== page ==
India lashes out at U.N. rights agency for critical comments on Parvez arrest, Hyderpora encounter

Accuses it of ‘bias’ for referring banned terror organisations in J&K as “armed groups”.

December 02, 2021 11:58 am | Updated 05:51 pm IST - New Delhi:

Border Security Force (BSF) personnel patrol using a drone at Line of Control (LOC) along the Sunderbani area in Jammu, November 29, 2021

Border Security Force (BSF) personnel patrol using a drone at Line of Control (LOC) along the Sunderbani area in Jammu, November 29, 2021

The Centre on Thursday took strong exception to the U.N. Human Rights agency’s criticism of the arrest of Kashmiri activist Khurram Parvez, accusing the Geneva-based Office of the High Commissioner of Human Rights (OHCHR) of “bias” for referring to banned terror organisations in Jammu and Kashmir as “armed groups”.

“[The OHCHR statement] betrays a complete lack of understanding on the part of the OHCHR of the security challenges faced by India from cross-border terrorism and its impact on the most fundamental human right — ‘the Right to Life’ of our citizens including in Jammu and Kashmir,” said MEA spokesperson Arindam Bagchi, who called the U.N. agency’s concerns about the arrest of Parvez and civilian killings during the Hyderpora encounter on November 15 “baseless and unfounded allegations”.

“Referring to proscribed terrorist organisations as ‘armed groups’ demonstrates a clear bias on the part of OHCHR,” the MEA said.

On Wednesday, OHCHR spokesperson Rupert Colville accused the Government and security forces in Jammu and Kashmir of a “wider crackdown on civil society actors” and also said the U.N. Human Rights office was “increasingly alarmed” over the rise in civilian killings including religious minorities by “armed groups in Indian-administered Kashmir” and by security forces in the course of counter-terrorism operations.

Mr. Colville called for prompt investigation and allowing families to “mourn their loved ones and seek justice”, in a reference to the Hyderpora incident, where bodies of civilians killed were buried by the security forces, and later exhumed when families protested.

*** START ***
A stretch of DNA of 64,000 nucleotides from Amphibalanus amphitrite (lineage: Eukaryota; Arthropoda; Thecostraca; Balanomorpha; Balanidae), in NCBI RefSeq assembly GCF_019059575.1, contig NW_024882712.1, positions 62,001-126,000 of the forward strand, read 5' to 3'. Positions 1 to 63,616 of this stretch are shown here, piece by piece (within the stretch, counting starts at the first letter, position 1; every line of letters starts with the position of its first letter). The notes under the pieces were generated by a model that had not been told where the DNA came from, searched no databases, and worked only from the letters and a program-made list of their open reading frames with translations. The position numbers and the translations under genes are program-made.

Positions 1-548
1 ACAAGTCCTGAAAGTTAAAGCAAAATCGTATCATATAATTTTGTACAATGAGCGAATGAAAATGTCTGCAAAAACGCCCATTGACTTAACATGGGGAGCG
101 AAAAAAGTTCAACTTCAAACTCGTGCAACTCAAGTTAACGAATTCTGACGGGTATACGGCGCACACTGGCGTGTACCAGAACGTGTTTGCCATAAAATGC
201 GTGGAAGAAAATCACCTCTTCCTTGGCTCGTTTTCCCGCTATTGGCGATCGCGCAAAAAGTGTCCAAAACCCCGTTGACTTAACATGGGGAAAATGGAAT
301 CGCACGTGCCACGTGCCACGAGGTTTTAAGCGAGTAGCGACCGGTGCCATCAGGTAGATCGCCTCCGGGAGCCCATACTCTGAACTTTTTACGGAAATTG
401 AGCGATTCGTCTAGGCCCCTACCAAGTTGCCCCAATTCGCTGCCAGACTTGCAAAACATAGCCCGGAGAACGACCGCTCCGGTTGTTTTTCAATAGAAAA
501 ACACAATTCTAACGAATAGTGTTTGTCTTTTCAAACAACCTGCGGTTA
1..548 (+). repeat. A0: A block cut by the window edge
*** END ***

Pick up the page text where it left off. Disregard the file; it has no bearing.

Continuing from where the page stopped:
“The use of sweeping counter-terrorism measures risks leading to further human rights violations and deepening discontent,” he said.

In its counter to the comments, the MEA defended Mr. Parvez’s arrest and the Hyderpora action as legal. “Authorities in India act against violations of law and not against legitimate exercise of rights... We urge the OHCHR to develop a better understanding of the negative impact of terrorism on human rights,” the MEA said.

Mr. Parvez, who founded the Jammu Kashmir Coalition of Civil Society (JKCCS), a human rights NGO that focuses on “enforced disappearances”, was arrested on November 22 under the provisions of the UAPA in Srinagar by the National Investigation Agency (NIA). U.N. Special Rapporteur Mary Lawlor had also criticised the arrest at the time saying he is “not a terrorist, he’s a Human Rights Defender”.

The MEA statement is the latest in a series of allegations and counter-statements traded with the OHCHR over the last few years, especially since the publication in June 2018 of the agency’s “first-ever report” on the human rights situation in Kashmir on both sides of the Line of Control, which called for an independent inquiry into human rights violations cited in the report.

At the time, the Modi government had issued a statement directly accusing then U.N. High Commissioner for Human Rights Zeid Ra’ad Al Hussein of “individual prejudices” and called the report presented by the OHCHR as “fallacious, tendentious and motivated”. Subsequent updates on the reports had met with equally strong responses from New Delhi, who had held Mr. Zeid Hussein, a member of the Jordanian royalty, responsible for targeting India.

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